Designing Social Cues for Collaborative Robots: The Role of Gaze and Breathing in Human-Robot Collaboration

Terzioglu, Yunus
Mutlu, Bilge
Şahin, Erol
In this paper, we investigate how collaborative robots, or cobots, typically composed of a robotic arm and a gripper carrying out manipulation tasks alongside human coworkers, can be enhanced with HRI capabilities by applying ideas and principles from character animation. To this end, we modified the appearance and behaviors of a cobot, with minimal impact on its functionality and performance, and studied the extent to which these modifications improved its communication with and perceptions by human collaborators. Specifically, we aimed to improve the Appeal of the robot by manipulating its physical appearance, posture, and gaze, creating an animal-like character with a head-on-neck morphology; to utilize Arcs by generating smooth trajectories for the robot arm; and to increase the lifelikeness of the robot through Secondary Action by adding breathing motions to the robot. In two user studies, we investigated the effects of these cues on collaborator perceptions of the robot. Findings from our first study showed breathing to have a positive effect on most measures of robot perception and reveal nuanced interactions among the other factors. Data from our second study showed that, using gaze cues alone, a robot arm can improve metrics such as likeability and perceived sociability.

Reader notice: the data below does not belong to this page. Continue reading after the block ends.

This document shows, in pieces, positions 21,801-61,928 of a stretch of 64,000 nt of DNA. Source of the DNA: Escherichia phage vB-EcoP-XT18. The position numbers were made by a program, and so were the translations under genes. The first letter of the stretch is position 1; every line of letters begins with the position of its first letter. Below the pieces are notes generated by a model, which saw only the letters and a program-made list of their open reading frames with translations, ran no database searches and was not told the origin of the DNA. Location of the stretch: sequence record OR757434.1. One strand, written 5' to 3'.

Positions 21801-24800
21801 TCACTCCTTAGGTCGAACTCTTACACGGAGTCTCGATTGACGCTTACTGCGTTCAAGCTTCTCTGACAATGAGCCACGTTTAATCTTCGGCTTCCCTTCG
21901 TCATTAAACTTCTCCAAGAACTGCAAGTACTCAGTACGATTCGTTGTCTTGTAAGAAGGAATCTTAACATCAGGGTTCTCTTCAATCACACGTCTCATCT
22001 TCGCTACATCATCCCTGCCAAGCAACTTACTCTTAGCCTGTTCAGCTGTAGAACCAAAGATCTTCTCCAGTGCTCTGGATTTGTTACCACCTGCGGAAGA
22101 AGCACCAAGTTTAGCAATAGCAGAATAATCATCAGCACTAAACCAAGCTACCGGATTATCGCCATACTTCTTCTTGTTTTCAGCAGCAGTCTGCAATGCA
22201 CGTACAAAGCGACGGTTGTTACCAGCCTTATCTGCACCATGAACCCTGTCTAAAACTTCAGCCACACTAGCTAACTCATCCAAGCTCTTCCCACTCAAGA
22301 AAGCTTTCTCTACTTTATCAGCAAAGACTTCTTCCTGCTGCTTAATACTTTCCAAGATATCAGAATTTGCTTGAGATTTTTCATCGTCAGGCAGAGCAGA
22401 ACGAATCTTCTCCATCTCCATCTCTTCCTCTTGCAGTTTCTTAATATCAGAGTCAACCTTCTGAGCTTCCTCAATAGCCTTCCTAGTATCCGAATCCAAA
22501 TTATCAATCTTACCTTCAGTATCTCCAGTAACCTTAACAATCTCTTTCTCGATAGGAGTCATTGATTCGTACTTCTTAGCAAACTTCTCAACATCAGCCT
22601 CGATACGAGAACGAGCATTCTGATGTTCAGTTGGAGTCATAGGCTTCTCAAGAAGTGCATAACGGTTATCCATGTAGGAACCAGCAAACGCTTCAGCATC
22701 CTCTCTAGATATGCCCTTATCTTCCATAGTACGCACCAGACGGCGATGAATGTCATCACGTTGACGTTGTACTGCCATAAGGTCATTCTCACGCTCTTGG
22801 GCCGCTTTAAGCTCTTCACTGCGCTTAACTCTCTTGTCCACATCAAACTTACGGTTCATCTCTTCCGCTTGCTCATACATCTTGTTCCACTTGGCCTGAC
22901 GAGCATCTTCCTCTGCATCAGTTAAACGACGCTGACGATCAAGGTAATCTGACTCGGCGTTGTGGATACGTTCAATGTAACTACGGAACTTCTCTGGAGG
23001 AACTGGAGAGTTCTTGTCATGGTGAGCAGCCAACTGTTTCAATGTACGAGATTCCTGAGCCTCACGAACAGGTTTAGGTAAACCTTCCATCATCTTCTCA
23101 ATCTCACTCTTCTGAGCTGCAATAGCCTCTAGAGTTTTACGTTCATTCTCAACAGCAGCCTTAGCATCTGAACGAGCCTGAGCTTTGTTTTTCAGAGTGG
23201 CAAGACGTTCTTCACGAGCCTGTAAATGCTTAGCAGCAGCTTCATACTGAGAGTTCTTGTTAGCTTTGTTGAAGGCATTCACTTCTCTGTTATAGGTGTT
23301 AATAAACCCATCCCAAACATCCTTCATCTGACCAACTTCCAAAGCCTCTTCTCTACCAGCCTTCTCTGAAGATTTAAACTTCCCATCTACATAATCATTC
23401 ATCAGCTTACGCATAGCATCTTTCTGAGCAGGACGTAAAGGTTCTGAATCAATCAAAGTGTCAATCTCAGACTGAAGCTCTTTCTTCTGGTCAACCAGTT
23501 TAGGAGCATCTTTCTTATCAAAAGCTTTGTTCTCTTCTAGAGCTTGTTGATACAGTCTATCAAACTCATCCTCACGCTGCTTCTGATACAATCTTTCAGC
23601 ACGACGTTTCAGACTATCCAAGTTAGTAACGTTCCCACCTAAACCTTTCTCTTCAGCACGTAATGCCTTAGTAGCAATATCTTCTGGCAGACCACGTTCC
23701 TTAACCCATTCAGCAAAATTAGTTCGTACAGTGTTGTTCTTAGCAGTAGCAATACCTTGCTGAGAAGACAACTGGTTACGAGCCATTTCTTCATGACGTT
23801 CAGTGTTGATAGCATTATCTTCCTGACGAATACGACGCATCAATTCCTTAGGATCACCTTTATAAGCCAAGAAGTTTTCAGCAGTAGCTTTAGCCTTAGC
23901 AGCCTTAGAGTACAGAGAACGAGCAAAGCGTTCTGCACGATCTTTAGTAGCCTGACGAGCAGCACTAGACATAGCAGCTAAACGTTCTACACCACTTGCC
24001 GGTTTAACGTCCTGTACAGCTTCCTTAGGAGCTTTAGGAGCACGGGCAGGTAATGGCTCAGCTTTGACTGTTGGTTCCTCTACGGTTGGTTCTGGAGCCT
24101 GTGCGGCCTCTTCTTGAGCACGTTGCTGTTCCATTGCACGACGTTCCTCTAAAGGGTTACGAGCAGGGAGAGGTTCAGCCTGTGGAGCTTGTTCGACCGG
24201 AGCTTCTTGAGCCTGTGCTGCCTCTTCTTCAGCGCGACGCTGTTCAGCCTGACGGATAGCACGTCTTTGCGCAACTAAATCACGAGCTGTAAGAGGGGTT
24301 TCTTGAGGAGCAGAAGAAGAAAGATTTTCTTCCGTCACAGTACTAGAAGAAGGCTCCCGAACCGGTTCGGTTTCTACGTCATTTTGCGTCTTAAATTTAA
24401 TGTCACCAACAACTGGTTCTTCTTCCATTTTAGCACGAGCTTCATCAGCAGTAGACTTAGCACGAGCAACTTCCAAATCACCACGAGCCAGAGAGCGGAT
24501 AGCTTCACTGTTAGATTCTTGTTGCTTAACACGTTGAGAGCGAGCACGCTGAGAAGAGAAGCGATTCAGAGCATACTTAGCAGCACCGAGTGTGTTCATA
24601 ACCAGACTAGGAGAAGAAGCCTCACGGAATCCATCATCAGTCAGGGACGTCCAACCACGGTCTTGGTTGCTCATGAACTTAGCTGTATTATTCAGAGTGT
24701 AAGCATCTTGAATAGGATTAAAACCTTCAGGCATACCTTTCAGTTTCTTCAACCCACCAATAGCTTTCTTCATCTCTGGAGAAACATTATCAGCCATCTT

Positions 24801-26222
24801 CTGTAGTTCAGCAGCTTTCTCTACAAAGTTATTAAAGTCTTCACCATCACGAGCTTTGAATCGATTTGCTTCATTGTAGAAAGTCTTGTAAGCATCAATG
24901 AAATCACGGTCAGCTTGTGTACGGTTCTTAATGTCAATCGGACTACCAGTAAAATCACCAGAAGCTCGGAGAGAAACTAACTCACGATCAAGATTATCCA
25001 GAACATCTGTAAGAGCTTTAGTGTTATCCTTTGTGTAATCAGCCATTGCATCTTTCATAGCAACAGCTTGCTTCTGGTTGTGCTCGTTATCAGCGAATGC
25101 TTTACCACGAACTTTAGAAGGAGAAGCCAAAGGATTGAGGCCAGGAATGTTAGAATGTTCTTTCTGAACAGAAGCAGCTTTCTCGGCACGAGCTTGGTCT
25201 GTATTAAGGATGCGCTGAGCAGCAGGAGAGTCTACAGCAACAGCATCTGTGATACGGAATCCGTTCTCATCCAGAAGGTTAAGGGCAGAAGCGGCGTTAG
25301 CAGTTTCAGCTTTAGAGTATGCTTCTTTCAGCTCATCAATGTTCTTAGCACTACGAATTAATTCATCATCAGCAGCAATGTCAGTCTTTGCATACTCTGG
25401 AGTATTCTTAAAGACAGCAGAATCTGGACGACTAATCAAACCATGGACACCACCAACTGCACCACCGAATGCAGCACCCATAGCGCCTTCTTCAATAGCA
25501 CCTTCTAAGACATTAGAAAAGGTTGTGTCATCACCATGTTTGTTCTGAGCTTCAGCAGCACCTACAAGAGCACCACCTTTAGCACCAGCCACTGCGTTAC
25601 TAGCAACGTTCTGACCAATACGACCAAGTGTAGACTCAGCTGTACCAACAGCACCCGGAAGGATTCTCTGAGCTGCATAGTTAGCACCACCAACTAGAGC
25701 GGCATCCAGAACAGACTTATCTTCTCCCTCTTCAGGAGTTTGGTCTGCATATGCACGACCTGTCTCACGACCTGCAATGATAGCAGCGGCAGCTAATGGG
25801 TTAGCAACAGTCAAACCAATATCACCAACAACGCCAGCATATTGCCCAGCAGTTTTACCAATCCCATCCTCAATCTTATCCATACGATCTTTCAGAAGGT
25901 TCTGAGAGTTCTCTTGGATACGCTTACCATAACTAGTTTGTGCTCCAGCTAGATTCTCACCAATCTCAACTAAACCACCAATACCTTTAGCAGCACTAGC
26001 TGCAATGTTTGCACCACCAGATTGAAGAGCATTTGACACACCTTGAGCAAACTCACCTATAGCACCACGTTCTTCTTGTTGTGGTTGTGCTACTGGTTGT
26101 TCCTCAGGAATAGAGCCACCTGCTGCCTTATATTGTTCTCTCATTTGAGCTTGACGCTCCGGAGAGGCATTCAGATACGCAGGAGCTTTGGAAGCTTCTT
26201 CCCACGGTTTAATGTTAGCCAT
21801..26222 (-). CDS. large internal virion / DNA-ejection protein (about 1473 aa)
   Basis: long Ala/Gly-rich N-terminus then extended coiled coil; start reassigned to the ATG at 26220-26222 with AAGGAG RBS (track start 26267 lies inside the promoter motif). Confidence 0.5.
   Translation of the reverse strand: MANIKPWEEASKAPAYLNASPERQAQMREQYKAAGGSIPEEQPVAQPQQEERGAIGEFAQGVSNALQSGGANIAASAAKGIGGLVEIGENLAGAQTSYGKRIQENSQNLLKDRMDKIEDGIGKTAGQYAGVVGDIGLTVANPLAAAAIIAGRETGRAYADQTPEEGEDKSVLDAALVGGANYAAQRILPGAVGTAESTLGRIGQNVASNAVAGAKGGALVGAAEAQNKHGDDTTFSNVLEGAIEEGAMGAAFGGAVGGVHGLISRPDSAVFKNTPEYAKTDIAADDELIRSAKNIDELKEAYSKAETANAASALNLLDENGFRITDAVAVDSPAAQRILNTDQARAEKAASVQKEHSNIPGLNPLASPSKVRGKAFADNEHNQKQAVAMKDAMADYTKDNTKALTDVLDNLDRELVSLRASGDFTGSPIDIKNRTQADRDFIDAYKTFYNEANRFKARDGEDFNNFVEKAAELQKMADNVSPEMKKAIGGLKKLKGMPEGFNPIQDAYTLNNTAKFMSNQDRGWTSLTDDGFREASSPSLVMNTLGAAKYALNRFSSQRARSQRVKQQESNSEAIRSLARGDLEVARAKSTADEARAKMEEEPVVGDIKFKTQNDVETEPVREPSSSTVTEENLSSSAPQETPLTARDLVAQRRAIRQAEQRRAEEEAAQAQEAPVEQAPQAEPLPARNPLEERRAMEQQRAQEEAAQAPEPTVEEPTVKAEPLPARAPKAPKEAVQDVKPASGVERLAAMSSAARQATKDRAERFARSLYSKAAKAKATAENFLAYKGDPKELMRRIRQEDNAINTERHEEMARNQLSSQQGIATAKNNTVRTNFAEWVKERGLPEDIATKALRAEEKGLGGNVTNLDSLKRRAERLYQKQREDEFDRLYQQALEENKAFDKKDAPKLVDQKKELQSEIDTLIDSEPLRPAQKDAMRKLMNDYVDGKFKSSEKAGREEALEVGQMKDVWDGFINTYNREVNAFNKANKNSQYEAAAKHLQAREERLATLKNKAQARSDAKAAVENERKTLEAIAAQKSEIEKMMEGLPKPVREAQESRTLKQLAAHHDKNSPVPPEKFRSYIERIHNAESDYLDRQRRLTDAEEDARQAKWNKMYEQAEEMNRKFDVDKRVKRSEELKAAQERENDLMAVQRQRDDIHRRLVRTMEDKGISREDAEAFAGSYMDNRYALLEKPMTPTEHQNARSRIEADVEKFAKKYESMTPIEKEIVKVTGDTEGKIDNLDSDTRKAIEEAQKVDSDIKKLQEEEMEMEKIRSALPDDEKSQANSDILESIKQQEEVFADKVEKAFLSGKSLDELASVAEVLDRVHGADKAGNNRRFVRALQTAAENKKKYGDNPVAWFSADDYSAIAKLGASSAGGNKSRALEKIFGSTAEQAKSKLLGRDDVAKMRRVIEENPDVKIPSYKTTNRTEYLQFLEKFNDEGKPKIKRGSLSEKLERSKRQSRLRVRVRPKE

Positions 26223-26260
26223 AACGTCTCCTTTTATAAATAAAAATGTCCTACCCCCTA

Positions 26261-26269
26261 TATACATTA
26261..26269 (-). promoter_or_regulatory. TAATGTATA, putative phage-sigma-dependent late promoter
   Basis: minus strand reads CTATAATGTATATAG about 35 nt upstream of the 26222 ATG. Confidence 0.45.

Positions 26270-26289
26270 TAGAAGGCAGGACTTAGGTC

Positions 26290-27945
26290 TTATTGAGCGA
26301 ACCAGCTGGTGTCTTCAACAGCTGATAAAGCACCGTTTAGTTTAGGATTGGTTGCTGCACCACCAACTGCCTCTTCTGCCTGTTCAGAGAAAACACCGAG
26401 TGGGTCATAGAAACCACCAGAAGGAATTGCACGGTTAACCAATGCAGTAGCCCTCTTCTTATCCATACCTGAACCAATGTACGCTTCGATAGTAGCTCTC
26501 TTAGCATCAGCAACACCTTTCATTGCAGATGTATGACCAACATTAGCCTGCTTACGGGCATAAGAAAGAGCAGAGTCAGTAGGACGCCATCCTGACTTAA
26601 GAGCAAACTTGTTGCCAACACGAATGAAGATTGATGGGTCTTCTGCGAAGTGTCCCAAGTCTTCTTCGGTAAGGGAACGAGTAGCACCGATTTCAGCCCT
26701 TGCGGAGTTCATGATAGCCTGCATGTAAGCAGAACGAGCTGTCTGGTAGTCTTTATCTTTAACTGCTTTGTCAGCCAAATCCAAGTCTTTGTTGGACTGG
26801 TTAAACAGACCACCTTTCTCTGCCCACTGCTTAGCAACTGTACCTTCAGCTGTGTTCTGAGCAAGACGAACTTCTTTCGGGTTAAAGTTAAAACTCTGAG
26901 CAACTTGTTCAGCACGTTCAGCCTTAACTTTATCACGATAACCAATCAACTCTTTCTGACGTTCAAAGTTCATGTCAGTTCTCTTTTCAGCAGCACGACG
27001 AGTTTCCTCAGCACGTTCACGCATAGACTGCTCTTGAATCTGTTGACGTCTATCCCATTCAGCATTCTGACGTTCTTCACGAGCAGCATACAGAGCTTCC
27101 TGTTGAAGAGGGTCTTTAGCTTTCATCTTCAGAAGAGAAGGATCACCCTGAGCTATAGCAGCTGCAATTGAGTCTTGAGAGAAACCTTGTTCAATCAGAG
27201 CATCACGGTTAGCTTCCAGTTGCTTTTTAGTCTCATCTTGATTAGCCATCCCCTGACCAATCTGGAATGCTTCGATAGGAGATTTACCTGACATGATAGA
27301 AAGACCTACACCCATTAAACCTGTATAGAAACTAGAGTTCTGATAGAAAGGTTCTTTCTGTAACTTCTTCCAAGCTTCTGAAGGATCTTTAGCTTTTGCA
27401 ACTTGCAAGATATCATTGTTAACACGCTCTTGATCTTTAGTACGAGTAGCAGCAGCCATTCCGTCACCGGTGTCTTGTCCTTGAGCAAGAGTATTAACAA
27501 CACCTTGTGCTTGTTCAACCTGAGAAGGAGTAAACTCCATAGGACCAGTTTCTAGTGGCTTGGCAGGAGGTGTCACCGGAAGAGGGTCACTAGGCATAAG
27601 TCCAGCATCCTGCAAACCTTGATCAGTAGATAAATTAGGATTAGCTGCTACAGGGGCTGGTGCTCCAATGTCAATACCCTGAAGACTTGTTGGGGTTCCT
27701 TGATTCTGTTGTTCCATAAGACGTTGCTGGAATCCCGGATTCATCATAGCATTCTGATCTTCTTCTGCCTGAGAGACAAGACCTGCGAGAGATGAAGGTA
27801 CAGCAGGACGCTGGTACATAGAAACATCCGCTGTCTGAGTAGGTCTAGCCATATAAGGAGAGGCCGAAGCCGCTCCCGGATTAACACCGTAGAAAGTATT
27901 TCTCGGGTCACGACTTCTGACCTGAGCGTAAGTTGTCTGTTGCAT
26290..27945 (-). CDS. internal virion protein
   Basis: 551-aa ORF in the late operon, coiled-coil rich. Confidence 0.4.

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Citation Formats
Y. Terzioglu, B. Mutlu, and E. Şahin, “Designing Social Cues for Collaborative Robots: The Role of Gaze and Breathing in Human-Robot Collaboration,” 2020, Accessed: 00, 2020. [Online]. Available: